Researchers base opinion on tools found next to mastodon site in San Diego
April 26, 2017
A team of scientists believe they have found evidence of human activity in North America that dates back 130,000 years — more than 100,000 years earlier than believed.
The evidence comes from an archeological site in San Diego County, Calif. In 1992, a site was uncovered containing mastodon bones, along with stone anvils and hammerstones. Dating the tools proved to be challenging. However, using recent technology, including uranium dating, the team believes they have firm evidence that humans were using tools to break apart the bones and make other tools.
‘I was skeptical when I first looked at the material myself, but it’s definitely an archeological site.’– Steve Holen, researcher
The find is controversial, as there has been a consensus among paleontologists and anthropologists that humans made the journey to North America roughly 15,000 years ago.
The bones of the mastodon were arranged at the site — known as the Cerutti Mastodon site — in such a way that suggests it wasn’t done naturally. It’s not believed that the humans killed the animal, however. Instead, it’s likely they were breaking up the limb bones, removing parts of the bones and probably making tools with them. They also may have extracted marrow from the bones for nutrition.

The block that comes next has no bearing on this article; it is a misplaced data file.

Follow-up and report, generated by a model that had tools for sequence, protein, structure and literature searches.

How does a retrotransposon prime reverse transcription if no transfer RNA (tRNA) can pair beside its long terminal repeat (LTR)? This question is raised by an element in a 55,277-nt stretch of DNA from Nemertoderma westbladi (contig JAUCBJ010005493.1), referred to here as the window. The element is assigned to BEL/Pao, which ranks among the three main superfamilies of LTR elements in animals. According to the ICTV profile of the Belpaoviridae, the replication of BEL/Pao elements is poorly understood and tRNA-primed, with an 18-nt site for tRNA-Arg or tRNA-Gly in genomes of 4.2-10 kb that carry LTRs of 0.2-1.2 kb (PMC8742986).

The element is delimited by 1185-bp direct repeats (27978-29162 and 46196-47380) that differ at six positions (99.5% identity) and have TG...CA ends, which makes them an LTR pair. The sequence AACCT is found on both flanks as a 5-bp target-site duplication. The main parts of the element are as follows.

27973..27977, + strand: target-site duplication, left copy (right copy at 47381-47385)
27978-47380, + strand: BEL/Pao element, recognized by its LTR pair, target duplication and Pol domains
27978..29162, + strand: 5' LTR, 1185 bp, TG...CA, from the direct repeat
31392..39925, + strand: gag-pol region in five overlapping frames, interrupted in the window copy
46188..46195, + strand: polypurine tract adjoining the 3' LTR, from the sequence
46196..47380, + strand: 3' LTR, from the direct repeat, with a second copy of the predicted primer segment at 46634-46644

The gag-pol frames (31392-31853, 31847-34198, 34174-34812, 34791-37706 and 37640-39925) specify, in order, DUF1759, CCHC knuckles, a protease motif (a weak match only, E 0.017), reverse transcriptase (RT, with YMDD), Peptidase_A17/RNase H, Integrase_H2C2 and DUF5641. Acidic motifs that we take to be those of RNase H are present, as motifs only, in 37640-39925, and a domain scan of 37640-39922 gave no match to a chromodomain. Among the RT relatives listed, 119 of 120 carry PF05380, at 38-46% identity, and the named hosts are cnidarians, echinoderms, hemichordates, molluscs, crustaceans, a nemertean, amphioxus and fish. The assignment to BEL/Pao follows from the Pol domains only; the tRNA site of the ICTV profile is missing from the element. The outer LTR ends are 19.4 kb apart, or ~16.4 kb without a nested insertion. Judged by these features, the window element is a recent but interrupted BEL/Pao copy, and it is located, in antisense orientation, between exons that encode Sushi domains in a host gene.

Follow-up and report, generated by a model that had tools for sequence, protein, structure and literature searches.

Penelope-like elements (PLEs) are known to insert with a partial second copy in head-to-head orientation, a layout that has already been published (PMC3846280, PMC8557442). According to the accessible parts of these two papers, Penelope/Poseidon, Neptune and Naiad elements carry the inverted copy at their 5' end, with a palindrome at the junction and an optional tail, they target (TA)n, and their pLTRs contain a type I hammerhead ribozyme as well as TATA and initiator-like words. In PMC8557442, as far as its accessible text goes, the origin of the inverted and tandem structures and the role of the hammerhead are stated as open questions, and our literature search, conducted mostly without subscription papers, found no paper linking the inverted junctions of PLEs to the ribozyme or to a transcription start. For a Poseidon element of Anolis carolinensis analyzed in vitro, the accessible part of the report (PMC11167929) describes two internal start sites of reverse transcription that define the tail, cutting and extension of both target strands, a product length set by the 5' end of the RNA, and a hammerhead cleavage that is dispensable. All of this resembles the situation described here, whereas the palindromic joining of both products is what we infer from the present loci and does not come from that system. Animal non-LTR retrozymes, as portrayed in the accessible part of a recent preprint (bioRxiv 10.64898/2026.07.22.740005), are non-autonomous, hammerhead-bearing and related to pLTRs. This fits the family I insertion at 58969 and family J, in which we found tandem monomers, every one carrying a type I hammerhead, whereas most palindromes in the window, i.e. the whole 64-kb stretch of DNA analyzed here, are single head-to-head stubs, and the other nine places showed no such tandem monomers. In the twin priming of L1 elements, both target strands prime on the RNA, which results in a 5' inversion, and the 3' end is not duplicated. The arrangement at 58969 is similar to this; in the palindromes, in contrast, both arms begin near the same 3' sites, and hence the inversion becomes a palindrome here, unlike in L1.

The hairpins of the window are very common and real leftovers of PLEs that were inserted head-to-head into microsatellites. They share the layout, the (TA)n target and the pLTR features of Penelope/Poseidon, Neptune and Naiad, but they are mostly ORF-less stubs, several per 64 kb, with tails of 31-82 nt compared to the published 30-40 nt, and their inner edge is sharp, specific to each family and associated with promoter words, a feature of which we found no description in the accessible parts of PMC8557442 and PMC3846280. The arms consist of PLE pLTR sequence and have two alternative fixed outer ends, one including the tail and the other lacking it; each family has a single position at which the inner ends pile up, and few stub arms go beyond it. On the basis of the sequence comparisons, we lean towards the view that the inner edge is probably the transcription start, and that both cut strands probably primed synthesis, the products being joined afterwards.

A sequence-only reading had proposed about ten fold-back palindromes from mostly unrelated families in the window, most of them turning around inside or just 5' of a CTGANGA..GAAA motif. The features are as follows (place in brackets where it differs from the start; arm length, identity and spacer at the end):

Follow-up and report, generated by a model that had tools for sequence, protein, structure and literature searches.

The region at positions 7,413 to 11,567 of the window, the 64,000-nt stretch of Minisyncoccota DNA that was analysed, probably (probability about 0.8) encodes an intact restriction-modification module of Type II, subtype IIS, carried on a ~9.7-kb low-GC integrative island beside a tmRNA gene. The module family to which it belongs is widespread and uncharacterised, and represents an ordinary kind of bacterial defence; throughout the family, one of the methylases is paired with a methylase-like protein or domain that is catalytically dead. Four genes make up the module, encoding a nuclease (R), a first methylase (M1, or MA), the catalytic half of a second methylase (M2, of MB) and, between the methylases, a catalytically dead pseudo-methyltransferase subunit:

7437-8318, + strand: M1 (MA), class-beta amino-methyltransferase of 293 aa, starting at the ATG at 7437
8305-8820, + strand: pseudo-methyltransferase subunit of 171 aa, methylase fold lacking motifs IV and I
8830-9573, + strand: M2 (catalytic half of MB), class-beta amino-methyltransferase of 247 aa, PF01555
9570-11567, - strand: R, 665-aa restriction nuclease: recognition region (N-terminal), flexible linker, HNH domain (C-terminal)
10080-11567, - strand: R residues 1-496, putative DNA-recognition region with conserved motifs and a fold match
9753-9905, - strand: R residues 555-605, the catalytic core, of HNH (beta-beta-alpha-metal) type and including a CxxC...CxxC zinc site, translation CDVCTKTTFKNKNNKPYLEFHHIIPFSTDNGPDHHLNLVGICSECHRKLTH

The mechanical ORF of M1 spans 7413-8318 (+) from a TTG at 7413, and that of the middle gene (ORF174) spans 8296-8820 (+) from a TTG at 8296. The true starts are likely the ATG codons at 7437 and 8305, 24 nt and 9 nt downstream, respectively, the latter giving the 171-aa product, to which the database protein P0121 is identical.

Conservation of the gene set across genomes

The bones also displayed spiral fractures, which suggests that they were broken while fresh and not some years later. Five large hammerstones and anvils also show wear and tear that didn’t occur through geological processes, the researchers said.
The findings challenge current evidence that suggests humans arrived in North America about 15,000 years ago and will most certainly be carefully scrutinized, something the authors are well aware of. During their press conference on Tuesday, they invited other researchers to examine the evidence, some of which will be on display at the San Diego Natural History Museum next week.
‘I’d say the jury’s still out. There’s still some information missing.’– Ariane Burke, Universite de Montreal
“I know people will be skeptical of this because this is so surprising,” Holen said. “I was skeptical when I first looked at the material myself, but it’s definitely an archeological site.”
Ariane Burke, an anthropology professor at the University of Montreal, said that she’d like to see more analysis of the bones and tools before concluding that humans were indeed here so long ago.
“Normally at an archeological site you find chipped stone tools, irrespective of what they’re doing at the site. People are notorious litterbugs, even back then,” she told CBC News. “So you kind of expect to see some of that trace of a human presence. I’m not saying they’re absolutely wrong and it cannot be a human site, but I’d say the jury’s still out. There’s still some information missing.”